serious sacrifices for a restoration which might be injurious to the Church. Still, the natural issue of their teaching could not be mistaken. When the nation was called to choose between a sovereign whose title was lineal descent and a sovereign whose title rested upon a revolution and an Act of Parliament, there was not much doubt to which side the consistent adherent of the divine right of kings should incline. Had the Queen died during the excitement of the Sacheverell agitation, it is more than probable that the Pretender would have at once been summoned to the throne, and the strength of the Church party in England was the most serious danger which then menaced the parliamentary institutions of England. Monopolising, as it did, by its command of the universities, the higher education, and attracting by its great rewards a very large proportion of the talent of the country, its power in an age when there was very little serious scepticism among the educated, and no considerable rival organisation among the poor, appeared almost irresistible. The Church was the natural leader of the country gentry and peasants. Its influence ramified through all sections of society. Its pulpits were to thousands the sole vehicle of instruction.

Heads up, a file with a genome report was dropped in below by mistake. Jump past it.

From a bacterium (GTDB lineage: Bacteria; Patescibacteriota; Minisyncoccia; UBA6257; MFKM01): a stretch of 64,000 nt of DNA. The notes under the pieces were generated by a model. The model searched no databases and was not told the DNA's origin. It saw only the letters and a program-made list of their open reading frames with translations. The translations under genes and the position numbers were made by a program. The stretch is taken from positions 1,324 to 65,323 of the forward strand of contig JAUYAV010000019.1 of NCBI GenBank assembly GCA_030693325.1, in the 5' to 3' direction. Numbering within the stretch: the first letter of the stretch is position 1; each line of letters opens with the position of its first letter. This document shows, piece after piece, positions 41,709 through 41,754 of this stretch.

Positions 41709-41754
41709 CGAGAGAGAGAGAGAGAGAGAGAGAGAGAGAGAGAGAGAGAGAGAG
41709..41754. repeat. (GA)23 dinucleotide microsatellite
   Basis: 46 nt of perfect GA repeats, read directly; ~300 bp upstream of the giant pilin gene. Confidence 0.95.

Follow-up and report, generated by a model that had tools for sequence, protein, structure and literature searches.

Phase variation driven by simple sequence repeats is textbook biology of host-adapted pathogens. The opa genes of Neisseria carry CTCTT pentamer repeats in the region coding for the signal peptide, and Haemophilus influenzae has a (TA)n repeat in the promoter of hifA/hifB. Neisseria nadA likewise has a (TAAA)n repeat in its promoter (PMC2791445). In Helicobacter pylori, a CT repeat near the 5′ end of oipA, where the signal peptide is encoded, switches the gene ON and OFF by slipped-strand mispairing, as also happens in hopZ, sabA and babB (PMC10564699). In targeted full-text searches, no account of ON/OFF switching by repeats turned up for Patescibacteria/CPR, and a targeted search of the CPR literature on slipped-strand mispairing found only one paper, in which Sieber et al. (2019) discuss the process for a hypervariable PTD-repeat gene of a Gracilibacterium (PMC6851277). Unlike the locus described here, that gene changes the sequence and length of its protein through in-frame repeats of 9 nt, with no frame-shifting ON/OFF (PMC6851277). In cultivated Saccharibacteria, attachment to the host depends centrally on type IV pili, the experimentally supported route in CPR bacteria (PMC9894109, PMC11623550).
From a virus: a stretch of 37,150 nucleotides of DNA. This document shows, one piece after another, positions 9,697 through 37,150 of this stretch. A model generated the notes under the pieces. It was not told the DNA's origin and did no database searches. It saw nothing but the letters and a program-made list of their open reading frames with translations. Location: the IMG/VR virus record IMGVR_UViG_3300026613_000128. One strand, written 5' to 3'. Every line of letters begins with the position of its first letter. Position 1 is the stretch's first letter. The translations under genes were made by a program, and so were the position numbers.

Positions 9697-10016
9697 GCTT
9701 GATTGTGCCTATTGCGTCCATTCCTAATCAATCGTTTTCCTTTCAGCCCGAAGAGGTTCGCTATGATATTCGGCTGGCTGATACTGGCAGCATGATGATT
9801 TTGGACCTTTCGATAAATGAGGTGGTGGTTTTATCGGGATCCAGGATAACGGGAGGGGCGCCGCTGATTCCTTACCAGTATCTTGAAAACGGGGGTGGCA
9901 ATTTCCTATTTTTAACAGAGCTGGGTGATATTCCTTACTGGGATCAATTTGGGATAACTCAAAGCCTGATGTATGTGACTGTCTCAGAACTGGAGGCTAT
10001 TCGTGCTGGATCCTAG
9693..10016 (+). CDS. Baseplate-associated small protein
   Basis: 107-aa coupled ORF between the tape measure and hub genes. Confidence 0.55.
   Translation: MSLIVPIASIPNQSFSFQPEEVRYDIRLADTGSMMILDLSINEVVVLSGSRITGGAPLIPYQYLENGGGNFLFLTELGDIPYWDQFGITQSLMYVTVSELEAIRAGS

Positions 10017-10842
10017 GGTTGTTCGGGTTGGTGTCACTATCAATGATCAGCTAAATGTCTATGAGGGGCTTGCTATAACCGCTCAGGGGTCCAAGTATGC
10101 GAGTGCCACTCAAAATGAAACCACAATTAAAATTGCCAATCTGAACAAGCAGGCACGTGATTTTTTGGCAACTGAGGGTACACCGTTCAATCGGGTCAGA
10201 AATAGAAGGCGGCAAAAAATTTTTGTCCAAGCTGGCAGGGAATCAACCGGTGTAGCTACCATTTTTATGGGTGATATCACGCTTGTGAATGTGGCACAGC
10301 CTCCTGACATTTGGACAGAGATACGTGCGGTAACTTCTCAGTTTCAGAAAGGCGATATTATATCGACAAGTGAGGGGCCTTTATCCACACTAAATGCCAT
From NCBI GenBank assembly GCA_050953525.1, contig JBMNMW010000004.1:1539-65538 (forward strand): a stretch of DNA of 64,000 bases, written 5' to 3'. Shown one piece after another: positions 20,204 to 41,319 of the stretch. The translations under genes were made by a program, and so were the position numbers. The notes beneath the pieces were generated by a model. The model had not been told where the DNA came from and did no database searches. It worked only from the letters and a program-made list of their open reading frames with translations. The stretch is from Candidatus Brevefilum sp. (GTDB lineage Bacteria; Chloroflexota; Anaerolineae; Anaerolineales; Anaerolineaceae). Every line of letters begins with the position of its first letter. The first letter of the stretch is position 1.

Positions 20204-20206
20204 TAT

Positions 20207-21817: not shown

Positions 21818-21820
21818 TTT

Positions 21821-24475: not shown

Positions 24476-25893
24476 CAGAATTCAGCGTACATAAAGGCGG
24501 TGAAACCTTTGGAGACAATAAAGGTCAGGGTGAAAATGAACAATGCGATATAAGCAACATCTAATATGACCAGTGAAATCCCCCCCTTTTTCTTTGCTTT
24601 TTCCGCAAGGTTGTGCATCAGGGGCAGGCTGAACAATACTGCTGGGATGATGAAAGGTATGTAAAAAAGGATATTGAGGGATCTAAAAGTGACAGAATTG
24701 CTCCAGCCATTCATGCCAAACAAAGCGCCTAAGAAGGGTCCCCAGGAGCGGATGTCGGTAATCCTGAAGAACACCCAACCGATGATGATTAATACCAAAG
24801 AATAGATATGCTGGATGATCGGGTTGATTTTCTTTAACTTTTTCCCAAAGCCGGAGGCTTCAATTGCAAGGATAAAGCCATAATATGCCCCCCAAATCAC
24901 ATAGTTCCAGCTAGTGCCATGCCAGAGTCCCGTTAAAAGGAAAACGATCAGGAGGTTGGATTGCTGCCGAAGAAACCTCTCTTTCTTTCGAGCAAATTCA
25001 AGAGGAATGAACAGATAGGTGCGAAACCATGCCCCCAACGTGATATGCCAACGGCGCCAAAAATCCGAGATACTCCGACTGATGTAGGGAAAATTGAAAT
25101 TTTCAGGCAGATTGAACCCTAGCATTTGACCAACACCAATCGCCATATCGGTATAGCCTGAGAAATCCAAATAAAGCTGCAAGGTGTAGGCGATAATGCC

Still, great as was its power, several influences had been at work undermining or restricting its authority. The Church had gained something at the Reformation in the increased credibility of its theology, and it had gained much more by purging away the taint of its foreign origin. In a country where the national sentiment was as strong and as insular as

brance, by which all Papists are excluded, and they have no other rule to go by; that they will no more dispute King William III.'s title than King William I.'s, since they must have recourse to history for both; that they have been instructed in the doctrines of passive obedience, non-resistance, and hereditary right, and find them all necessary for preserving the present Establishment in Church and State, and for continuing the succession in the House of Han

over, and must, in their own opinion, renounce all those doctrines by setting up any other title to the crown. This, I say, seemeth to be the political creed of all the high-principled I have for some time met with of forty years old and under.' Swift's Free Thoughts upon the Present State of Affairs. The language commonly used about Charles I. is quite sufficient to show that the clergy were not as unhistorical as was alleged.